would not permit law enforcement access.

Fourth, the retention of personal information that would otherwise
be destroyed upon the completion of its intended use creates new
privacy and security risks for citizens. Vast databases of personal
data now include sensitive medical information as well as data
revealing political opinions, religious and philosophical beliefs.
These new retention requirements will create new risks to personal
privacy, political freedom, and public safety.

Further, the privacy commissioners have recognized that one of the
best privacy safeguards is to minimize the collection of personal
data where possible. They have consistently affirmed that
confidentiality of communications is one of "the most important
elements of the protection of the fundamental right to privacy and
data protection as well as of secrecy of communications", and that
"any exception to this right and obligation should be limited to
what is strictly necessary in a democratic society and clearly
defined by law." A blanket retention of all traffic data for
hypothetical criminal investigations and for a long period of time
would not respect these basic conditions.

We note also that governments on both sides of the Atlantic have
sought to make secret public information that would otherwise assist
the public in understanding the threats it now faces.   We do not
believe it draws the proper balance in a democratic society for the
activities of government to be concealed from public scrutiny while
the private activities of citizens are made open to government.

Finally, we believe it is inconsistent with well established
international norms for communications privacy, such as Article 8 of
the European Convention on Human Rights and Article 12 of the
Universal Declaration of Human Rights, for governments to compel the
retention of private information for surveillance purposes.
Confidentiality of communication is a central tenet of modern
democratic society. Proposals to reduce the privacy of citizens will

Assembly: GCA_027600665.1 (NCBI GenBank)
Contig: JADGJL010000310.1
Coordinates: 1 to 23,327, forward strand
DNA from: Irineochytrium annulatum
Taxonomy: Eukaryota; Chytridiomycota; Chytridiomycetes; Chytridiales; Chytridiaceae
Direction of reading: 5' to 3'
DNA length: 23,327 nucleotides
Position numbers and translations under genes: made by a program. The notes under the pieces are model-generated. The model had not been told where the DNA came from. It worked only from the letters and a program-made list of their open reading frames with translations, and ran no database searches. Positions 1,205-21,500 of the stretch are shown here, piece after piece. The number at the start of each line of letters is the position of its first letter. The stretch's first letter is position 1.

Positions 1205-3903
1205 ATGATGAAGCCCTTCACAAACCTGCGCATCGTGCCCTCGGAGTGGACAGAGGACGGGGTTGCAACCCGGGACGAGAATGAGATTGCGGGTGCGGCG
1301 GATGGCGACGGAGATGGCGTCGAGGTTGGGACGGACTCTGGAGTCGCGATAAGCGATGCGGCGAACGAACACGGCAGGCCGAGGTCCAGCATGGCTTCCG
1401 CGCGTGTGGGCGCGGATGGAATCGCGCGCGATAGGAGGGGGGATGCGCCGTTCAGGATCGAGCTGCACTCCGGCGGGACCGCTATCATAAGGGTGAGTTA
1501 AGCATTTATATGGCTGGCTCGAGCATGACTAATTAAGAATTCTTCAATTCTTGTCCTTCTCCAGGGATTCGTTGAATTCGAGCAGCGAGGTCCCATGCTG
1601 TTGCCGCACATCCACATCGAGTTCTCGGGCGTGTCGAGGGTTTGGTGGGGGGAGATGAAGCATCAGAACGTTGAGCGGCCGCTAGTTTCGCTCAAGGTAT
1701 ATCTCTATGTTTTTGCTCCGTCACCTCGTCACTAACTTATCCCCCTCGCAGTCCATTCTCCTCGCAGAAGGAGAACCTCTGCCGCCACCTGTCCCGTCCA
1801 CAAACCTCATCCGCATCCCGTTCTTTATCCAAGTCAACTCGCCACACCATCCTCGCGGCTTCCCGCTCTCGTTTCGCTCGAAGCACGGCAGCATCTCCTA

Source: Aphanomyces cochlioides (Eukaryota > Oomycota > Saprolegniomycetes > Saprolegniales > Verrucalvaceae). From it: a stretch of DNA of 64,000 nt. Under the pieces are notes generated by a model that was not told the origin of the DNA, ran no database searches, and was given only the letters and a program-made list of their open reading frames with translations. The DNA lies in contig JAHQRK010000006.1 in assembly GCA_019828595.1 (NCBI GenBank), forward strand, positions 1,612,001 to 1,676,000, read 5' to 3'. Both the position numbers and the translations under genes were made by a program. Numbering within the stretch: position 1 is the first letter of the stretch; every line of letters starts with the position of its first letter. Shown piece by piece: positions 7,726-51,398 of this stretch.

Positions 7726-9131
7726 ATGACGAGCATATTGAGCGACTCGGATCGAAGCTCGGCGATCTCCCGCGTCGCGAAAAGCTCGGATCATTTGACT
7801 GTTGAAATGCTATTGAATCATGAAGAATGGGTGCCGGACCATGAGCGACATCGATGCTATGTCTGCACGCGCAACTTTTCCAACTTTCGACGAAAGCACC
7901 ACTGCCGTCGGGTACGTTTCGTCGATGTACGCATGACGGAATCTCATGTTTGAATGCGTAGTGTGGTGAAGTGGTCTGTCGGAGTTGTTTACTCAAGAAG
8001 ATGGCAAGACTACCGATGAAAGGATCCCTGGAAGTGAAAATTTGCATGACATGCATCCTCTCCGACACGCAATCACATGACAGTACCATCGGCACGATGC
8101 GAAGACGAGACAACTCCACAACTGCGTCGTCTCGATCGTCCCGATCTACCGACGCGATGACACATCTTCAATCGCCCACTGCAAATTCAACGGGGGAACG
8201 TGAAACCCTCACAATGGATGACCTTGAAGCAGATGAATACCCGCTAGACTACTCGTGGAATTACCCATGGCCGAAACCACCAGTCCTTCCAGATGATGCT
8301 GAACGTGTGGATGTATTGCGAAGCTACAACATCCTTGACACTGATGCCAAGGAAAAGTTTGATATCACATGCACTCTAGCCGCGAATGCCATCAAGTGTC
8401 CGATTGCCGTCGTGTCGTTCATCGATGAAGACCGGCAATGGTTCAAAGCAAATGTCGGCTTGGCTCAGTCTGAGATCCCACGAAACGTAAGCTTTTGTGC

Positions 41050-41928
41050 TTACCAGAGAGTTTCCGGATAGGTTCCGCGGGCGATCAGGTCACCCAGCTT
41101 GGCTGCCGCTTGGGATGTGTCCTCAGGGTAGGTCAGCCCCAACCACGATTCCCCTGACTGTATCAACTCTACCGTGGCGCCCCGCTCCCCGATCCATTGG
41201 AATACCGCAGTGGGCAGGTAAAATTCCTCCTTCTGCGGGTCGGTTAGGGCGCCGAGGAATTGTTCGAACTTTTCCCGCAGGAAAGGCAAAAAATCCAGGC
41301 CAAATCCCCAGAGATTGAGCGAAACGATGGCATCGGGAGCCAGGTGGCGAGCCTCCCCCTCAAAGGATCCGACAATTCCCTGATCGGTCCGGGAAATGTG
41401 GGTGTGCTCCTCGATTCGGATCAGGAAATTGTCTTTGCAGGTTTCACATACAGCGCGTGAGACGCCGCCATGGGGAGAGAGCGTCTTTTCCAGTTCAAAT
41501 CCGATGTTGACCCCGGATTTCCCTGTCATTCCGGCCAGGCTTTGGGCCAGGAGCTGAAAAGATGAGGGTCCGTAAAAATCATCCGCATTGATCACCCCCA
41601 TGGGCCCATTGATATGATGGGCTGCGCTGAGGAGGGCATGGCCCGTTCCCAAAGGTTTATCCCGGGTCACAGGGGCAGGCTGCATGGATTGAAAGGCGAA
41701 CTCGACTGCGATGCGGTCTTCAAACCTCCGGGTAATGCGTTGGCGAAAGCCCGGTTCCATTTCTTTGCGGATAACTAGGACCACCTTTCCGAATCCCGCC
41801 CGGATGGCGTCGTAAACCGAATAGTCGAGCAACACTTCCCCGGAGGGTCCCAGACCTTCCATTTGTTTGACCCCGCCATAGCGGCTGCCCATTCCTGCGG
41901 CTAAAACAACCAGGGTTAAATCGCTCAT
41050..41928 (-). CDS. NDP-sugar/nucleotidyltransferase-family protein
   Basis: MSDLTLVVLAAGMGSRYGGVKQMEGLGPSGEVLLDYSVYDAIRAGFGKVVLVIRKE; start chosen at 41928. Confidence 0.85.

undermine the strength of the democratic state.

We have contacted President Bush regarding our concerns. We
respectfully urge you not to take any steps at this time that may
reduce the privacy of citizens.

Sincerely,

    Electronic Privacy Information Center

    American Civil Liberties Union

    Center for Democracy and Technology

    Electronic Frontier Foundation

    (list in formation)


cc: President George W. Bush

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REFERENCES

Proposal for a European Parliament and Council directive concerning
the processing of personal data and the protection of privacy in the
electronic communications sector (COM(2000) 385 - C5-0439/2000 -
2000/0189(COD))
http://www3.europarl.eu.int/omk/omnsapir.so/calendar?APP=PV2&PRG=CALEND&LANGUE=EN&TPV=PROV&FILE=010906

(Codecision procedure: first reading)

The proposal was rejected(1).
http://www3.europarl.eu.int/omk/omnsapir.so/pv2?PRG=CALEND&APP=PV2&LANGUE=EN&TPV=PROV&FILE=010906

Letter from Article 29 Data Protection Working Party to Mr Göran Persson,
Acting President of the Council of the European Union, June 7, 2001
Available at: http://www.statewatch.org/news/2001/jun/07Rodota.pdf

EU Data Protection Working Party Article 29, Opinion 7/2000 on the
European Commission Proposal for a Dir. of the Eur. Parl. and of the
Council concerning the processing of personal data and the
protection of privacy in the electronic communications sector of 12
July 2000 COM (2000) 385 (2 Nov. 2000), reprinted in M. Rotenberg,
The Privacy Law Sourcebook, United States Law, International Law,
and Recent Developments 437 (EPIC 2001)

Committee on Citizens' Freedoms and Rights, Justice and Home Affairs,
Report on the proposal for a European Parliament and Council
Directive concerning the processing of personal data and the
protection of privacy in the electronic communications sector, July
13, 2001.
Available at
http://www2.europarl.eu.int/omk/OM-Europarl?PROG=REPORT&L=EN&PUBREF=-//EP//TEXT+REPORT+A5-2001-0270+0+NOT+SGML+V0//EN&LEG_ID=5